What appeared as a crack in the armor in ’64 turned into a deep crevice for the Bronx bombers in 1965. Yankee ownership thought they had pulled a major coup when they recruited manager Johnny Keane from the World Series Champion Cardinals even at the risk of dismissing fan favorite Yogi Berra. Keane came believing he had secured baseball's highest honor of leading the fabled Bronx Bombers. But it did not happen as expected. Mantle, Maris, and Elston Howard all missed substantial time and 1964 hero Jim Bouton could only manage 4 wins. Filling in with the likes of catcher Doc Edwards, Roger Repoz and Phil Linz was not the answer as the Yanks slid to sixth place—8 games below .500.

Moving up from 1964 sixth place, the Minnesota put it all together winning 102 games. The Twins controlled the league practically the entire season. An offense built around MVP shortstop Zoilo Versailes, Harmon Killebrew, Tony Oliva, Bob Allison and 1B Don Mincher was supported by a pitching staff that included Mudcat Grant, Jim Kaat and Jim Perry.

#1 Minnesota Twins (102-60) . A 23 game improvement over 1964 vaulted the Twins into winning the pennant. SS Zoilo Versailes who was noted for his glove brought his bat this season (.273, 19 HRs, 77 RBIs, 27 stolen bases). OF Tony Oliva took home the batting title hitting .321. Harmon Killlebrew was lost for a quarter of the season, but still slammed 25 home runs. Outfielders Bob Allison, and Jimmie Hall along with 1B Don Mincher all blasted over twenty home runs. Pitcher Mudcat Grant posted a league leading 21-wins, Jim Kaat followed with 18 and Jim Perry 12 . Relief specialist Al Worthington saved 21 games and won ten.

#2 Chicago White Sox (95-67) . The White Sox added some power with eight batters hitting double digit homerun output. However, the pitching took a step back when Juan Pizarro went down with a sore arm, and Gary Peters slipped from 20-wins to nine.

#3 Baltimore Orioles (94-68) . Although pretty much a replay from '64 the young pitchers were maturing. Steve Barber, Milt Pappas and Wally Bunker all had double digit win seasons and were joined in season by 19-year-old future HOF Jim Palmer. Rookie of the Year outfielder Curt Blefary led the team with 22 home runs. Boog Powell could not match his previous year’s power numbers, but Brooks Robinson showed his value hitting .297 with 18 home runs.

#4 Detroit Tigers (89-73) . The Tigers could not improve their fourth place finish of 1964, despite the maturing of pitcher Denny McClain who posted 18 wins. Mickey Lolich backed McClain up with 15 wins. Al Kaline missed time with an injury as did 1964 sensation SS Dick McAuliffe. First baseman Norm Cash again provided the power with 30 home runs. A big boast came from second year outfielder Willie Horton who blasted 29 home runs and 104 RBIs.

#5 Cleveland Indians (87-75) . The strong bats of Rocky Colavito, Leon Wagner, 1B Fred Whitfield and 3B Max Alvis provided the power. Along with the overpowering fastball of Sudden Sam McDowell, who led the league in strikeouts and ERA, the Indians improved by 8 wins over 1964. Newcomer Ralph Terry and pitcher Luis Tiant filled in for the traded Mudcat Grant.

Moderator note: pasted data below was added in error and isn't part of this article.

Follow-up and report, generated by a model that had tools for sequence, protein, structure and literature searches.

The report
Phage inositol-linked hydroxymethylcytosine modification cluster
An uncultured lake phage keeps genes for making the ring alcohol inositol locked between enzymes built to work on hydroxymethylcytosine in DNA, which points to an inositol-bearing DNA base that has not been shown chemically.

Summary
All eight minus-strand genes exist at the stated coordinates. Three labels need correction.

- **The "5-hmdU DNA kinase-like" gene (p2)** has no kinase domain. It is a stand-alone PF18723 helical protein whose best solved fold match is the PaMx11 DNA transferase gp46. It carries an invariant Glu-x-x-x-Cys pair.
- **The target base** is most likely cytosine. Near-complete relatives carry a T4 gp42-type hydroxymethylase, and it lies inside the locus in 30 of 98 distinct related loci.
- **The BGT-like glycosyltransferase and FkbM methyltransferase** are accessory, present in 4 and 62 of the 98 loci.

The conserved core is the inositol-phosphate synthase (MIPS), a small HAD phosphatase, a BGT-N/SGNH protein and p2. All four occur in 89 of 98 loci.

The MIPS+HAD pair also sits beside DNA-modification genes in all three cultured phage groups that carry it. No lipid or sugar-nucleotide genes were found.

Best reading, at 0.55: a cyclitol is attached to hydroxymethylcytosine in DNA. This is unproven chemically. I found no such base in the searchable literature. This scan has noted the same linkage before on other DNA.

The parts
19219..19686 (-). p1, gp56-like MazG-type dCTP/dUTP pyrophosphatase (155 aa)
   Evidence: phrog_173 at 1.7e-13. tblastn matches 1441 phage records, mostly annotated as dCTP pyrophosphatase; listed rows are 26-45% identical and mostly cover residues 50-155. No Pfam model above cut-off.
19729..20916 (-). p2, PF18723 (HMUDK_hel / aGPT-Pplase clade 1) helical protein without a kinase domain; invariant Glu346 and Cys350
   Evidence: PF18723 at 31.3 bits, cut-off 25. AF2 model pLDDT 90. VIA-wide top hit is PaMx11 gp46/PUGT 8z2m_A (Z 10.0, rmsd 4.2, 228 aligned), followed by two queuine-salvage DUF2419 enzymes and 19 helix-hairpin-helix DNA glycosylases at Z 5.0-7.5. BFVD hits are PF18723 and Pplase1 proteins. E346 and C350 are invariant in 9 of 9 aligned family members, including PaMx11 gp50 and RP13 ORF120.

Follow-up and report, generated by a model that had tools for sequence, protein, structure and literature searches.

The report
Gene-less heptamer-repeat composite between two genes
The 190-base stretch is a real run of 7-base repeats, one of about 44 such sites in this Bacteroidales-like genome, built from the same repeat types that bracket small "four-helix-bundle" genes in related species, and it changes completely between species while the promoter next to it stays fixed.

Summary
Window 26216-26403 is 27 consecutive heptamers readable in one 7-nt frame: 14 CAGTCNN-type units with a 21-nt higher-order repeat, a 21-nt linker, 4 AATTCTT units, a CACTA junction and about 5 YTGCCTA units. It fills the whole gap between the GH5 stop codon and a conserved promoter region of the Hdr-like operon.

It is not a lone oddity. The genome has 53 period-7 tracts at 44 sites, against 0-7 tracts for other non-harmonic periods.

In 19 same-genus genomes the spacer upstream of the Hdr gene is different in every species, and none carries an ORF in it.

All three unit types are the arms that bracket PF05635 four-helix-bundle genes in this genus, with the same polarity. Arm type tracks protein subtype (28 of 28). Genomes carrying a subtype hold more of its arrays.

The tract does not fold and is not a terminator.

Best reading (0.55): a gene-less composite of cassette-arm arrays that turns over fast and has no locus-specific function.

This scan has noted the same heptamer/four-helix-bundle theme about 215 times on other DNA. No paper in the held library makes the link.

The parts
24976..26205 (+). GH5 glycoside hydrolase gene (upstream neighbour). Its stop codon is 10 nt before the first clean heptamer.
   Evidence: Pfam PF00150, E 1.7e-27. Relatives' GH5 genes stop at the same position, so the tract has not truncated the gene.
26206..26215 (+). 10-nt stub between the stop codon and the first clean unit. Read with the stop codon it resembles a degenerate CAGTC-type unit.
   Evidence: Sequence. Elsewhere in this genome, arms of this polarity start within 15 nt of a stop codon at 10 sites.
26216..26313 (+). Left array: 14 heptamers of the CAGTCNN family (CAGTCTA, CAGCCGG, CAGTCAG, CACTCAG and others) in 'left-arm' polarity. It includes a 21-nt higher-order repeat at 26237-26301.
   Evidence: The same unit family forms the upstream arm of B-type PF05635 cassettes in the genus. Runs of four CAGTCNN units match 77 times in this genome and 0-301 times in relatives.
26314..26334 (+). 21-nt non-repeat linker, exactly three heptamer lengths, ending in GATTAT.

The Second Division.

#6 New York Yankees (77-85) . What a comedown. If it hadn’t been for Mel Stottlemeyer’s pitching (20-9) they might have ended up near the bottom of the league. With no .300 hitters, a lack of power, and an aging Whitey Ford, it made for a horrible debut for manager Johnny Keane. Of course losing Mickey Mantle and Elston Howard for a combined 670 games did not help. Outfielder Tom Tresh led the offense (.277, 26 home runs, 74 RBIs).

#7 California Angels (75-87) . They changed their name, but lost 5 more games than the previous season. Pitcher Dean Chance could not reproduce another 20-win season and there was little behind him on the pitching staff. A dull offense with little power and no .300 hitters contributed to a disappointing season.

#8 Washington Senators (70-92) . Adding OF Frank Howard provided some much needed power (.289, 21 home runs, 84 RBIs) at the plate. Another new addition, pitcher Pete Richert's 15 wins, also contributed to winning 8 games more than 1964.

#9 Boston Red Sox (62-100) . Outfielder Tony Cogniliaro led the league with 32 home runs and Carl Yastzremski continued his consistent solid bat, but much more was needed. Miserable pitching was evident with no starting pitcher posting more wins than losses. Bill Monbouquette slipped, as did Dick Radatz. Twenty-three-year-old pitcher Jim Lonberg made his debut with mixed results.

#10 Kansas City Athletics (59-103 ). The biggest headline out of KC was the Charlie Finley promotion event of playing SS Bert Campaneris for one inning at each position. Campy did not get a hit nor did the A's win the game, but it did bring some fans to the ballpark. All-Star Campaneris led the league with 51 stolen bases. Another Finley promotion was bringing back 59-year-old Satchel Paige to successfully pitch 3 innings in a game. Nineteen-year-old rookie Catfish Hunter won 8 games.

On September 8, 1965, Bert Campaneris of the Athletics became the first player in Major League history to play all nine positions during a game.

On September 16, 1965, Dave Morehead of the Boston Red Sox tossed a 2-0 no-hitter versus the Cleveland Indians. Morehead came within one walk ( Rocky Colavito ) of a perfect game ! But, did you know that following the game team owners fired General Manager Pinky Higgins and replaced him with Dick O'Connell?